Broadband fight continues in North Carolina

Submitted by acohill on Wed, 05/05/2010 - 09:08

A knock down, drag out fight over the right of communities to control their economic future continues in North Carolina. Via Save NC Broadband, the City of Salisbury, North Carolina is struggling to put a stop to a state legislature proposal to ban community investments in broadband. The cable companies in North Carolina are encouraging the ban, and as the editorial notes in the link above, this is really about the right of communities to determine their own future. As is often the case, using a roads analogy helps put it in perspective: "... That's like letting one or two asphalt companies determine the future of North Carolina's roads."

Communities need modern digital road systems that will help retain existing businesses and assist with attracting new ones. It almost beggars belief that NC legislators want to cripple economic development and drive businesses into neighboring states like Virginia, where community fiber projects like nDanville have brought more than 550 new high tech jobs to Danville, Virginia in the past year. Danville's open access network does not compete with the private sector because all services are being offered by private sector companies, which creates a win-win situation. The City of Danville has lowered the cost of offering high performance broadband and created new business opportunities for private sector firms. This "third way" approach to broadband is a win-win approach to community broadband that neatly balances public and private interests.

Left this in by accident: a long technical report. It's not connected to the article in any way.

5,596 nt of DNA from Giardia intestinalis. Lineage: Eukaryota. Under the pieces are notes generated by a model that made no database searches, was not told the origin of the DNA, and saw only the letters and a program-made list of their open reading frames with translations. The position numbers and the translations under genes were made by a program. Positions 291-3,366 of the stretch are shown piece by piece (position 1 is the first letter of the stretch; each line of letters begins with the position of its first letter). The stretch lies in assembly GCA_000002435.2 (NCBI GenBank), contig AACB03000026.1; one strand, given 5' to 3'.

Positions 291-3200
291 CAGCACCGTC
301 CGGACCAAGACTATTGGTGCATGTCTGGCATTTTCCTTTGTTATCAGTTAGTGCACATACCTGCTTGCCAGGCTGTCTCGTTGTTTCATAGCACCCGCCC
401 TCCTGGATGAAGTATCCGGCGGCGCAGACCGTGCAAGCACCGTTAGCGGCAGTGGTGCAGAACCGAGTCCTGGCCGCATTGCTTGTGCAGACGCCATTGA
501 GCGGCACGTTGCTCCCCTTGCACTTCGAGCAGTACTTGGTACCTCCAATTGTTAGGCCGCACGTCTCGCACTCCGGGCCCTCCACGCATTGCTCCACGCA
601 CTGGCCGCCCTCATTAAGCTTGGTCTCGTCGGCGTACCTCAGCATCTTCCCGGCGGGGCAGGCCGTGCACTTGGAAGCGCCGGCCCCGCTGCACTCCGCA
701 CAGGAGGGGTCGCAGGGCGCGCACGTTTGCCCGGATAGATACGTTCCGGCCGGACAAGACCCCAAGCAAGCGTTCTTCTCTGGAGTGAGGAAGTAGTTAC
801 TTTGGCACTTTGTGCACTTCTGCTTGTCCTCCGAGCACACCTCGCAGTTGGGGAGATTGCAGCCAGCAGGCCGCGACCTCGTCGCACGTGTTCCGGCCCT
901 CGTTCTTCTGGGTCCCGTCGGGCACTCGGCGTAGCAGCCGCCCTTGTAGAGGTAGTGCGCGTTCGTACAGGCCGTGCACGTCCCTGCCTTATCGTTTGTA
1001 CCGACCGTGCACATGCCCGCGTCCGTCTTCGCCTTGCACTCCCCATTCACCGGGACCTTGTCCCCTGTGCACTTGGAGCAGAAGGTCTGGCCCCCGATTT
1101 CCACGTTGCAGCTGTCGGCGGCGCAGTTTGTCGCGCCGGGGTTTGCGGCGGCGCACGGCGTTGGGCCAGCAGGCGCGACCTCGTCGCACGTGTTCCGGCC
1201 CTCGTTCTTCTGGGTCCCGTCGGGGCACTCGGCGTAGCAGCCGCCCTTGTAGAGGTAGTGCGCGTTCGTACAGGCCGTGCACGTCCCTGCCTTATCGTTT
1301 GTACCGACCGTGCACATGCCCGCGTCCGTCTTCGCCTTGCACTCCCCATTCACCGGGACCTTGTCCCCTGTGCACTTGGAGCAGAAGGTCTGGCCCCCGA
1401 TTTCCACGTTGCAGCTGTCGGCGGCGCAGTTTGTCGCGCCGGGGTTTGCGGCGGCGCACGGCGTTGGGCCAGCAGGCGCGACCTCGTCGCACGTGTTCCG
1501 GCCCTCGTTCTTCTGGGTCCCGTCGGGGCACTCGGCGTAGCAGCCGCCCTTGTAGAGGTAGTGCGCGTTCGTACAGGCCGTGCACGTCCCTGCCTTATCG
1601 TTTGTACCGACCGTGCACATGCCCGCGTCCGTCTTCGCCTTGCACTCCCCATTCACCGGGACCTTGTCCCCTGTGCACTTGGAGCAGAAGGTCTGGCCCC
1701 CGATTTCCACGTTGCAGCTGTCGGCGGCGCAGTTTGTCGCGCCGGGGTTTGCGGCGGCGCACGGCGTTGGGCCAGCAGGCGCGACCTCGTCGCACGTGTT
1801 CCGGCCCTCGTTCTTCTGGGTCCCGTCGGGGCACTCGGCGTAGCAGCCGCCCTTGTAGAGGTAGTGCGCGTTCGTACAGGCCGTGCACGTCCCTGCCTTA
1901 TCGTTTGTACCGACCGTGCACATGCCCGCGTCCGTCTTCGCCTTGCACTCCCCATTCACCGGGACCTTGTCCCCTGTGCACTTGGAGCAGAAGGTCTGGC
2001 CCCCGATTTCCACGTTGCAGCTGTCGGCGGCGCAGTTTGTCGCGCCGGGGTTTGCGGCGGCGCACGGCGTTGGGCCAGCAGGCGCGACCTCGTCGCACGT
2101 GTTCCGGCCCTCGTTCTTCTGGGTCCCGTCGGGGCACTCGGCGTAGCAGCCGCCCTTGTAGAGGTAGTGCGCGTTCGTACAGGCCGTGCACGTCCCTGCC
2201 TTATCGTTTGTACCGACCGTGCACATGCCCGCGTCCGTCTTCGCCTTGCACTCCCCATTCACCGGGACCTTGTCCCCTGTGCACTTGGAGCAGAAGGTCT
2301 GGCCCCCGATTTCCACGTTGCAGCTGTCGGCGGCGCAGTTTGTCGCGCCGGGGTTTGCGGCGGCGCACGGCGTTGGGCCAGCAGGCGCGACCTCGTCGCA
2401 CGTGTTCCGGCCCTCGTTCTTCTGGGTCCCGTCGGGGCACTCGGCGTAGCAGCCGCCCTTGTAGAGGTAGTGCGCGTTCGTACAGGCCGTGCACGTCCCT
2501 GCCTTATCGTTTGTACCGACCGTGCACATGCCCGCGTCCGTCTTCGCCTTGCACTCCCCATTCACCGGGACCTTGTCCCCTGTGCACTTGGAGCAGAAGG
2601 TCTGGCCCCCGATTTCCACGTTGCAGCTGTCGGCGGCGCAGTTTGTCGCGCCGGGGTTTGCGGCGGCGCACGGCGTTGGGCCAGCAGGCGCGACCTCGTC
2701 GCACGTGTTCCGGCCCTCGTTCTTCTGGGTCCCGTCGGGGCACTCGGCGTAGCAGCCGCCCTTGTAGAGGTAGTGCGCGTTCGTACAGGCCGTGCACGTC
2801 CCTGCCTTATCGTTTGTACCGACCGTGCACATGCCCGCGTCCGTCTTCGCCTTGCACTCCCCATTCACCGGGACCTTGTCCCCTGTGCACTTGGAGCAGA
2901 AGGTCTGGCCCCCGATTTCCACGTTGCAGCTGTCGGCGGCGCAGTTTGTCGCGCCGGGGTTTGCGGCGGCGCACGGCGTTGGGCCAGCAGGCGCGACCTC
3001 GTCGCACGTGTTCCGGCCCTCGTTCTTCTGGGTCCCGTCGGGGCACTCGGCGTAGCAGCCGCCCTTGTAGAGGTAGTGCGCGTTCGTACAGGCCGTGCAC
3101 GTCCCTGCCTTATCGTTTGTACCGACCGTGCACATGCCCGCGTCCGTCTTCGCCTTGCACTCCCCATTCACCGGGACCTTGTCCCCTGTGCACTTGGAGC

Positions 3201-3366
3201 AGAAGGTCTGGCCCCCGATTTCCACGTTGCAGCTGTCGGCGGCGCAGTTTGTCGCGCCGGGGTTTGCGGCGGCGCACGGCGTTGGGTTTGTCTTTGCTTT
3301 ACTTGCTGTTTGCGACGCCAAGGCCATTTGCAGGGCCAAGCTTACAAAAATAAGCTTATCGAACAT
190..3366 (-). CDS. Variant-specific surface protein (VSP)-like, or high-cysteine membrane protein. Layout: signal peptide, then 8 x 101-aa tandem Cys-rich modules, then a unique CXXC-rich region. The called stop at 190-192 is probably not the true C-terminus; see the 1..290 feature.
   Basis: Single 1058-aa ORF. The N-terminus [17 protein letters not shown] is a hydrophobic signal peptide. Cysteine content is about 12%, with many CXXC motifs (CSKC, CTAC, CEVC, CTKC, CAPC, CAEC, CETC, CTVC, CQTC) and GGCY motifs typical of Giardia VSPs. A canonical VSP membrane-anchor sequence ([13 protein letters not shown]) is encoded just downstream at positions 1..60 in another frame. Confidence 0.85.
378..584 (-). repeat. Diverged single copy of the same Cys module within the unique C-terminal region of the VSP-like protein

In a natural monopoly like

In a natural monopoly like telecom infrastructure, public policy should encourage the development of alternative, efficient business models to provide it.

There's a very strong rationale for this. If the existing business model of an infrastructure provider is economically inefficient or fails, it doesn't just take down the provider. It degrades the infrastructure itself and in fact suppresses competition among entities who want to provide telecom services and content over that infrastructure.

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